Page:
Kids S.A.F.E. embraces adaptive shooting, teaching the blind to shoot

Over the summer I reported on a story involving the teaching of gun safety to a blind youth. Back in July Derek LeBlanc, founder and president of the Kids S.A.F.E. Foundation, was conducting one of the foundation’s classes. LeBlanc told me he was doing a Kid’s Firearm Safety 1 class at one of the Cabela’s he offers the training through, and unbeknownst to him one of the students who enrolled was blind. The July story chronicled Ryker learning about the different parts of firearms and firearm safety tactically. Since then, LeBlanc has had Ryker to the range for live fire training.

In chatting with LeBlanc about the whole experience, I can tell that he’s truly dedicated. In late September we met up at the Gun Rights Policy Conference and AMM-Con. Sitting across from him at a booth, sharing appetizers and having lunch in Dallas, LeBlanc’s eyes lit up when I asked him about working with Ryker as a follow up. He told me that after having him go through the Kid’s Firearm Safety 1 class, he knew that he was going to prepare to have Ryker take Kid’s Firearm Safety 2. Leblanc got to researching different adaptive shooting methods and looked into the best way of teaching a blind person how to shoot a firearm safely.

Talking with Ryker’s mother, Jacqueline, she said that the experience has been really good. She noted that since taking the Kid’s Firearm Safety 2 class, which involved live fire, Ryker has been hooked, and talking about shooting on the regular.

It was important to Jacqueline that Ryker learned firearm safety. She said her motivations were all about safety.

We signed Ryker up for the first class for one reason, so that he could learn firearm safety. We didn’t want to have firearms in our house unless Ryker was educated about them. Ryker uses touch as his primary way of getting information about the world around him and if he ever comes across a firearm we wanted Ryker to know immediately what it was and what to do. Little did we know that this would turn into a possible sport that Ryker could compete in.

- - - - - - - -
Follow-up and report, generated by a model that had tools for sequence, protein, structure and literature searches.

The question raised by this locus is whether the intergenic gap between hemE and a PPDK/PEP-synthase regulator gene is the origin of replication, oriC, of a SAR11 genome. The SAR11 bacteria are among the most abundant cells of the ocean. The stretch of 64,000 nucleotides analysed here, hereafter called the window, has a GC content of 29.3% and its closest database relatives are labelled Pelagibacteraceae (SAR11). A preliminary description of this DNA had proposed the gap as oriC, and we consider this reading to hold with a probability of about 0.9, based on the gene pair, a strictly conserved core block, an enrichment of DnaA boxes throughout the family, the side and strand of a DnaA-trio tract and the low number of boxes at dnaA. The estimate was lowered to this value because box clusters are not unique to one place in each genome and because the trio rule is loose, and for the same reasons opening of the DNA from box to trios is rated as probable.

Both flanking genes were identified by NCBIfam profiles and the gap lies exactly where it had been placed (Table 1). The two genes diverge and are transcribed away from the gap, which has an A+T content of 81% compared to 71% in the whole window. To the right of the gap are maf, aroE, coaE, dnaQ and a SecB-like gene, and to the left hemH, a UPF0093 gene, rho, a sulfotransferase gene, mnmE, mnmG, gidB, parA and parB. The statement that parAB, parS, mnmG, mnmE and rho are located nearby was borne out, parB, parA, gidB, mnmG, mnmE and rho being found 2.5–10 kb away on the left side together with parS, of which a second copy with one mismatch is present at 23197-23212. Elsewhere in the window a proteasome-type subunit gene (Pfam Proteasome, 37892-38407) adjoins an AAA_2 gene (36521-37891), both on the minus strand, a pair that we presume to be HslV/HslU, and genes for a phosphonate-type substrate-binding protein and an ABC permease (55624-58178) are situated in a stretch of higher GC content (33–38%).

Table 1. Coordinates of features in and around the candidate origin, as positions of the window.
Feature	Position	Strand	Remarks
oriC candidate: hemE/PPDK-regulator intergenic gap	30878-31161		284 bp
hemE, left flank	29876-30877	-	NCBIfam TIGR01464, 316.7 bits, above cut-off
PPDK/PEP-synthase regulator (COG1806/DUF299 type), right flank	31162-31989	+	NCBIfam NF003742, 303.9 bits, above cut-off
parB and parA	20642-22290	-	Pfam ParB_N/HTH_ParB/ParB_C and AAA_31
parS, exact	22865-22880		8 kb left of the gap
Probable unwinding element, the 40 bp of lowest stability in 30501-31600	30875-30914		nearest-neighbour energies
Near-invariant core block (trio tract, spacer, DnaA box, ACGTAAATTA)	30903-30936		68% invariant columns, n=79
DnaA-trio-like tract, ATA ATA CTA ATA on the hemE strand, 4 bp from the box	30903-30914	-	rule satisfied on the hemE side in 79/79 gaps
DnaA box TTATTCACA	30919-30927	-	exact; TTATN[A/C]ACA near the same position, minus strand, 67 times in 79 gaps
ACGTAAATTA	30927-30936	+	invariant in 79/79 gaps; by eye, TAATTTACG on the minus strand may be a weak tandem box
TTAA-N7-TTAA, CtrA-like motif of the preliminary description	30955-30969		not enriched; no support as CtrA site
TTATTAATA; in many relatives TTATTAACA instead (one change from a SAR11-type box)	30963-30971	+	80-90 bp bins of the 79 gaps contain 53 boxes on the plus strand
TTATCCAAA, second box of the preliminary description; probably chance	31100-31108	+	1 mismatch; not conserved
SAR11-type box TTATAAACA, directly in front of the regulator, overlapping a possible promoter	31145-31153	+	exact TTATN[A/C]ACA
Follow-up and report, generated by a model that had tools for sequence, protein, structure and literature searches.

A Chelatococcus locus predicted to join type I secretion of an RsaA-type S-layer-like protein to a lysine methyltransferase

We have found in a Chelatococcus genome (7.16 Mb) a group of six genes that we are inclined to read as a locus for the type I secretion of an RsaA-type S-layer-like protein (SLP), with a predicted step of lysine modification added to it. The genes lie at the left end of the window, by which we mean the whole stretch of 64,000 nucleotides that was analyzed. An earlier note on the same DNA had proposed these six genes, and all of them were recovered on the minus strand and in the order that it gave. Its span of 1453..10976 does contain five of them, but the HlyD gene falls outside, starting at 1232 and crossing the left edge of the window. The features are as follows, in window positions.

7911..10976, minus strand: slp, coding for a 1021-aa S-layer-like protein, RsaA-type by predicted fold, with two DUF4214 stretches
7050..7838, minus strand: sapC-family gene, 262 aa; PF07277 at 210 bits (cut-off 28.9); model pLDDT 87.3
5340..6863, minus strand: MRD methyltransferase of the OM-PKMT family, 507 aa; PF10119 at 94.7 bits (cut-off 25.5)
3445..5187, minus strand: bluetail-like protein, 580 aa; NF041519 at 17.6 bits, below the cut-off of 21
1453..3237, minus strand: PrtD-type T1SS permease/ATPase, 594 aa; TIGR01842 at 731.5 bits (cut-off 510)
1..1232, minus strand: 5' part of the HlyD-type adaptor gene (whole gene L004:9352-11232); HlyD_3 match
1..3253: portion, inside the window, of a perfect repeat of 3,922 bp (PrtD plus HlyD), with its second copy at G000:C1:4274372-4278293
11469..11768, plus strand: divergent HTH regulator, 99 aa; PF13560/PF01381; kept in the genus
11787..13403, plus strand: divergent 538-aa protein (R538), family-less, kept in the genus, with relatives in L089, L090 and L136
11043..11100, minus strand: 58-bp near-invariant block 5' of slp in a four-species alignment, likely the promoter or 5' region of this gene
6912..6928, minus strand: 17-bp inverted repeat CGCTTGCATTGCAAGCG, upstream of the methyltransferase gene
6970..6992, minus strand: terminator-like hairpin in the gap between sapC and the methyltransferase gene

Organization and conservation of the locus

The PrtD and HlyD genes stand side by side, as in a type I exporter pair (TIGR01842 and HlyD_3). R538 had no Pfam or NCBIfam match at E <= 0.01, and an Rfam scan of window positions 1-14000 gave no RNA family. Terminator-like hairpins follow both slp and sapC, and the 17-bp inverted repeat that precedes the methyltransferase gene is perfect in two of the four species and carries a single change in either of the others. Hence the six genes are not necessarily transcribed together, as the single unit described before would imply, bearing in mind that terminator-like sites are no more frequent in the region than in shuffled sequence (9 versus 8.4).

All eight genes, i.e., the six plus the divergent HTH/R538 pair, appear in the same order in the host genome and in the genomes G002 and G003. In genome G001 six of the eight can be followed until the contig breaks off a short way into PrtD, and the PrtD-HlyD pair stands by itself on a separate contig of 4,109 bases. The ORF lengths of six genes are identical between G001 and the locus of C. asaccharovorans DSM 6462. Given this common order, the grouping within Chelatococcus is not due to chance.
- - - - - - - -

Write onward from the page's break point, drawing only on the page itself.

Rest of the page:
Jacqueline had told me that Ryker’s blindness has not been with him since birth, but as a result of a non-cancerous brain tumor called a craniopharyngioma. While Ryker is not 100% blind, he only has light perception in one eye and the other is 20/1000. He can see colors if they’re high contrast and no more than a foot away. Due to this, Ryker has learned to read braille and uses a cane as a navigation aid. Jacqueline said that since Ryker had sight for the first six years of his life, his mannerisms mimic those of a person that has full vision. Ryker’s dominant senses are hearing and touch.

When LeBlanc had Ryker shooting that first time, I asked him if he was apprehensive or nervous about him firing his first shots. LeBlanc told me that he wasn’t at all. After that first class with Ryker, LeBlanc put the time in to find out some of the best practices to use and adapt shooting styles to Ryker’s needs. LeBlanc even got a special clear magazine and had it marked with braille so that Ryker would know the orientation and whoever was working with him could confirm its condition. When the day arrived that Ryker would be shooting, LeBlanc felt prepared. LeBlanc said he was pleased with the experience in our conversation.

It was awesome. And so he mastered the process, he shot extremely well. And what he did is he helped us develop the process that we needed to replicate the situation. What he’s done is he’s given me the education that I need.

The story does not end there. Jacqueline said that Ryker has been heavily interested in the shooting sports since going to LeBlanc’s classes.